This former community worker turned musician at the age of 30 has been busking in more than 10 countries and is a well-known street entertainer in Newcastle.
He drops the fingers of his right hand onto the 52cm diameter steel pan, it looks more like a UFO than a musical instrument.
He then drops his left hand, alternating between the two to produce a unique and rich sound that is almost spiritual.
Though the sun has not yet appeared on the cobbled path of Northumberland Street, his hands keep moving with fluidity, unhindered by the cold chill in the spring air.
He raises his head and looks toward the crowd of 10 people that have gathered, opens his blue eyes and shows off his white teeth.
He is connected with his instrument, both physically and emotionally. He is playing his heart out.
The crowd remains silent, transfixed on the majesty that is unfolding before them, unable to affix their gaze on anything but his hands.
A man with a broad Geordie accent interrupts his jam and innocently asks: “Oh, man, what is the name of that instrument”? Simon continues to play and says with a wry smile, “It’s a hang.”
Simon found music relatively late in his life. In the year 2000, at the age of thirty, he had a chance encounter while at Glastonbury Festival with some friends.
One night he came across a tribal jam session with people playing all different kinds of percussion instruments and letting themselves go in the music.
It was three in the morning when a guy, coincidentally also from Newcastle, encouraged him to have a try on his djembe drum.“Have a go, man”, he said. Simon recalls that on that day he found his true passion and became instantly attached to his new instrument.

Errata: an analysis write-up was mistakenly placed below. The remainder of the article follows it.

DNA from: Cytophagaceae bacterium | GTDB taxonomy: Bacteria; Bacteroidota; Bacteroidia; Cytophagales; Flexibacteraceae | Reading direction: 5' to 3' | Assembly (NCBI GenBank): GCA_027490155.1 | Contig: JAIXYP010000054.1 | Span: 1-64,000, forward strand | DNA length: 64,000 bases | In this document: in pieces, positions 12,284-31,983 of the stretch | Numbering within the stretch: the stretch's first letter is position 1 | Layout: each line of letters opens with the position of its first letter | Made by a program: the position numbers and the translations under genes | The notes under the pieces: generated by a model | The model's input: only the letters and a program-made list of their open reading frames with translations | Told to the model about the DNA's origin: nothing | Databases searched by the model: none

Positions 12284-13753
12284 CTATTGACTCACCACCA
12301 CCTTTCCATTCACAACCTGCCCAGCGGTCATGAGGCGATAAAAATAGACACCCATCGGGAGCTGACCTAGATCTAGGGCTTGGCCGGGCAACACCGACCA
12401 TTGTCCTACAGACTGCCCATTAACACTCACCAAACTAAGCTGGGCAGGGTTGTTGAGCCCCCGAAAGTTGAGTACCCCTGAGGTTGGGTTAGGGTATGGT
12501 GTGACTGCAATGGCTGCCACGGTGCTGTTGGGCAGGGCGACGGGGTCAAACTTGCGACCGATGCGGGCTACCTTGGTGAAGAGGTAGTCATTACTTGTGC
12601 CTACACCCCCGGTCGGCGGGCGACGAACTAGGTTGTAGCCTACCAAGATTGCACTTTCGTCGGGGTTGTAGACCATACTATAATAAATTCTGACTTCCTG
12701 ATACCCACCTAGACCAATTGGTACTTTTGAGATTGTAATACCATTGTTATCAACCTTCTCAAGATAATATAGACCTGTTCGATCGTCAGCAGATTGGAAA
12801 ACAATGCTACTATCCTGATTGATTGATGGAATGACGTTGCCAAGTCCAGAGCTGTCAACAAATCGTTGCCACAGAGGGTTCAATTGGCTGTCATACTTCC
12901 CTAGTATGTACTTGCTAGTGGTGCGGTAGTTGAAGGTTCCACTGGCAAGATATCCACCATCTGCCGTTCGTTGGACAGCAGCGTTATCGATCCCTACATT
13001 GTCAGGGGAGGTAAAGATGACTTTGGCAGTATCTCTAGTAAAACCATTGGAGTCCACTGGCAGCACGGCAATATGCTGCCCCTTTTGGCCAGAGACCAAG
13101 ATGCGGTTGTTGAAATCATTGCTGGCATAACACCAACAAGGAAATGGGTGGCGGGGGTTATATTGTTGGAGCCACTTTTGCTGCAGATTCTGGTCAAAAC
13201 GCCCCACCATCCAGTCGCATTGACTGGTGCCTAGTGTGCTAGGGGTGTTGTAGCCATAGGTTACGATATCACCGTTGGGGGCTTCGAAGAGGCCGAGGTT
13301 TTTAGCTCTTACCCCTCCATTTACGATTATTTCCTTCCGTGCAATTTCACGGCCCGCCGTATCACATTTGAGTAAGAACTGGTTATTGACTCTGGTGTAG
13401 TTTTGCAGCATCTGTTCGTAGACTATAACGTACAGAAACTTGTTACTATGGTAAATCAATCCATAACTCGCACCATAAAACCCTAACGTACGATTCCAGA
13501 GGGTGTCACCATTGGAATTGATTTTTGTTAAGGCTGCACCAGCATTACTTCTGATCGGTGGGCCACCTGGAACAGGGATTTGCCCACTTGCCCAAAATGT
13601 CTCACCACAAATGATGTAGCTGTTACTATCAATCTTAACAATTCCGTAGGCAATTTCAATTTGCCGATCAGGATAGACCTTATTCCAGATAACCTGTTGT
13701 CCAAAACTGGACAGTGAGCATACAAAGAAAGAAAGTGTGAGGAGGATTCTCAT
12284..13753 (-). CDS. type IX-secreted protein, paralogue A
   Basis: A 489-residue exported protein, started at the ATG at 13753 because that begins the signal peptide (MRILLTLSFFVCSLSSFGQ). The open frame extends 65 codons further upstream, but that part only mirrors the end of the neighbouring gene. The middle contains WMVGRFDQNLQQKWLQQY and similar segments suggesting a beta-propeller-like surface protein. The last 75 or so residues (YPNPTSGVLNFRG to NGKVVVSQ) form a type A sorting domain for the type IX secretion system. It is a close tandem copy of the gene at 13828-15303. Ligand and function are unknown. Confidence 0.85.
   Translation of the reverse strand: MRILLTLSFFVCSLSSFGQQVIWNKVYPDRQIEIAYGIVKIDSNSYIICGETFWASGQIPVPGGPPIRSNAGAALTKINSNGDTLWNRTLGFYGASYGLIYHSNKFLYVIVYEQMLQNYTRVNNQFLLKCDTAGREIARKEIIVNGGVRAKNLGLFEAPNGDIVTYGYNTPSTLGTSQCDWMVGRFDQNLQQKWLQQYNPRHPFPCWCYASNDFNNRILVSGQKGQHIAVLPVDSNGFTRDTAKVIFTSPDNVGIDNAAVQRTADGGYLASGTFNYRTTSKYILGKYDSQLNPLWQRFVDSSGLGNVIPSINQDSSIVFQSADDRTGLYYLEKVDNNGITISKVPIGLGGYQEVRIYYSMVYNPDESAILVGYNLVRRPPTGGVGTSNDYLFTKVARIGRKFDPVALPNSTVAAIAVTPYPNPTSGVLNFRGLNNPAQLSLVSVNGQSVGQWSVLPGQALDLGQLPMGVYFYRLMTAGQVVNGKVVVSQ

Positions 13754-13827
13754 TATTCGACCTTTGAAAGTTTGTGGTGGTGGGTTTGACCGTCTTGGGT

“It was great. I felt great. I was hooked. My life changed that night”.
From the African djembe drum, Simon was quickly introduced to the congas and bongos of Cuba, before gaining an affinity for the Indian tabla.
He started playing in the streets, using his percussion to entertain the people but realised that he would have to travel to India in order to take his skills to the next level.
But after six years with tribal percussion in his blood, it was an encounter in Amsterdam that changed his life yet further; a dreadlocked man with his eyes closed in rapture was busking, playing a new version of the steel pan with his hands – the hang drum.
Simon was instantly transfixed by the transcendental tune of this new instrument, and the rest is history.
Now, Simon plays the hang to live. Although he participates in gigs and concerts, he decided to be a street entertainer – a term that he uses rather than busker.
Though he is able to make a living from his craft, he recognises that the life of a street entertainer can be inconsistent.
“You can go one day and play the same music, be in a good mood, meet lots of people, smile at everybody and do brilliantly. But you could do the same thing the next day and make 20% of what you made the day before. You never know in this job. There is no logic to it”.
But despite the ups and downs, he is happy to be a Newcastle street entertainer. “This city is pretty good for busking,” he admits, “They don’t have a licencing scheme but if you play too long or too loud you will be asked to leave.”
Without direct involvement from the council, street performs in Newcastle are more grass-roots, and work collaboratively in order to make things fair.
“In a way, a lot of buskers have an un-written code. We speak to each other. We work together. Almost like a community.”
With 74,265 views on his Youtube channel, a studio album called ‘Here and There’, and over 10 countries under his belt, Simon has truly become an icon of busking in Newcastle.
*Profile produced for the Press Association via Tunes of the Toon
*Video produced by Jie Yin and Juan Trillos